Most of these stories are fun little side trips (hence the name) that wouldn’t have fit elsewhere in the books (some are a bit shoehorned in, as there are thematic requirements to some of these anthologies, i.e. the star-crossed lovers one with Murphy and Harry). And the very first story of the collection is a bit shaky, not that I’ll hold it against it, as it was the very first bit of the Dresden Files Butcher ever wrote, and as he admits in the intro to the story, it’s at best an amateur effort and only included for funsies basically. That’s probably my favorite part of the collection, actually, is those introductions in front of each story. Well, that and the last story, which is told from Murphy’s POV.

If you’re a Dresden Files fan, this is a must read. Don’t pick this up as an intro to the series. You will be lost and/or not care. Or maybe I’m lying and I just want you to read things in order like a normal person. Wow, this review is weirdly angry. I think I need a snack or something. TOODLES.

narfna’s #CBR5 Review #53: Changes by Jim Butcher

changesEverybody give Jim Butcher a slow clap. He’s finally written a book that impressed me so much that I’m willing to give it five stars. (It only took him twelve tries to get there!) I’ve been waiting for something awe-inspiring in order to bust out the five star rating, and I’m pretty sure this book qualifies.

Changes is a rather literal title. In fact, you’d be hard-pressed to find something within its pages that doesn’t represent a change in Harry Dresden’s life (or that of his friends and family), whether its something as minor as dealing with a broken wizard’s staff, or as major as learning you have an eight year old daughter that you never knew about. A daughter who has been kidnapped by a vengeance-seeking noble of the Red Court vampires. Harry deals with both in this book, and the whole range of the spectrum in between.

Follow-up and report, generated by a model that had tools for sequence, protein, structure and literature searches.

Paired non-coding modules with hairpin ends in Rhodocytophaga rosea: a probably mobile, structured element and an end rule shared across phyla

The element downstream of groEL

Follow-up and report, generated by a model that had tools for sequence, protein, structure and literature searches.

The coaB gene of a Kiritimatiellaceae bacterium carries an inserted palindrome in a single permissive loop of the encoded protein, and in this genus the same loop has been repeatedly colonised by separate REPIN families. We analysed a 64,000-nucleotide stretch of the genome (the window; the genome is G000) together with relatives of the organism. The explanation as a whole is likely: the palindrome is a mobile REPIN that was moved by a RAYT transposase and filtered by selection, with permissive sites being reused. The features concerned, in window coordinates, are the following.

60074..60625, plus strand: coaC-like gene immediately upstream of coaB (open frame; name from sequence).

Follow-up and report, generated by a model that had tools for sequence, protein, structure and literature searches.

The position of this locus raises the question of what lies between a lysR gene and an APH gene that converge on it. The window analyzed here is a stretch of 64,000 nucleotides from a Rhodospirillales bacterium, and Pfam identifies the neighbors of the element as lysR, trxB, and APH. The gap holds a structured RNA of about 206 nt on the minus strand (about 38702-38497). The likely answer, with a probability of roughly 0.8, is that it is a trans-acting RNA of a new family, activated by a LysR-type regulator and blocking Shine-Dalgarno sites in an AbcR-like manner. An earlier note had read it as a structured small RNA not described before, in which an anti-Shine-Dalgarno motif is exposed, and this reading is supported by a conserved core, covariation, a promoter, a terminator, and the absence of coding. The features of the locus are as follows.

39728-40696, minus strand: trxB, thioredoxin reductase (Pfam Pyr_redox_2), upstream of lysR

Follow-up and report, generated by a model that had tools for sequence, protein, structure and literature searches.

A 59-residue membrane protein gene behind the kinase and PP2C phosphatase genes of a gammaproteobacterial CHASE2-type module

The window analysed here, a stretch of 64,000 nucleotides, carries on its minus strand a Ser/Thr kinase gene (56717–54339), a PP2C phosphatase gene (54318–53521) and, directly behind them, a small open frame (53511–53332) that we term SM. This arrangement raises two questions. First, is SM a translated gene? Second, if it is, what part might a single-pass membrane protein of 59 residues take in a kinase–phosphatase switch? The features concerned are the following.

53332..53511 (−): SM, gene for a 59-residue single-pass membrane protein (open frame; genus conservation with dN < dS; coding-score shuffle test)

Actually, let’s list out all the changes that happen in this book, so I can better illustrate for you just how monumental this book is in terms of the whole arc of the series (this should be obvious, but DO NOT READ IF YOU DO NOT WANT TO BE SPOILED):

1. In the very first sentence of the book, we (and Harry) learn that he has an eight year old daughter, Maggie. She is the product of his one night reunion with Susan back in Death Masks. Susan never told him about her, and sent the little girl off to live with a foster family so she would be safe. Harry understandably becomes very, er, UPSET, about most of this information and remains that way for the rest of the novel.

2.
 Harry’s office, which has been with us since the very first paragraph of the first book, was blown up by Red Court vampires. (They get away with this, we learn, because they actually own the building. In a neat bit of continuity, Butcher mentioned that Harry’s rent went up a couple of books ago in passing, and it turns out that the Red Court buying the building was the reason why.)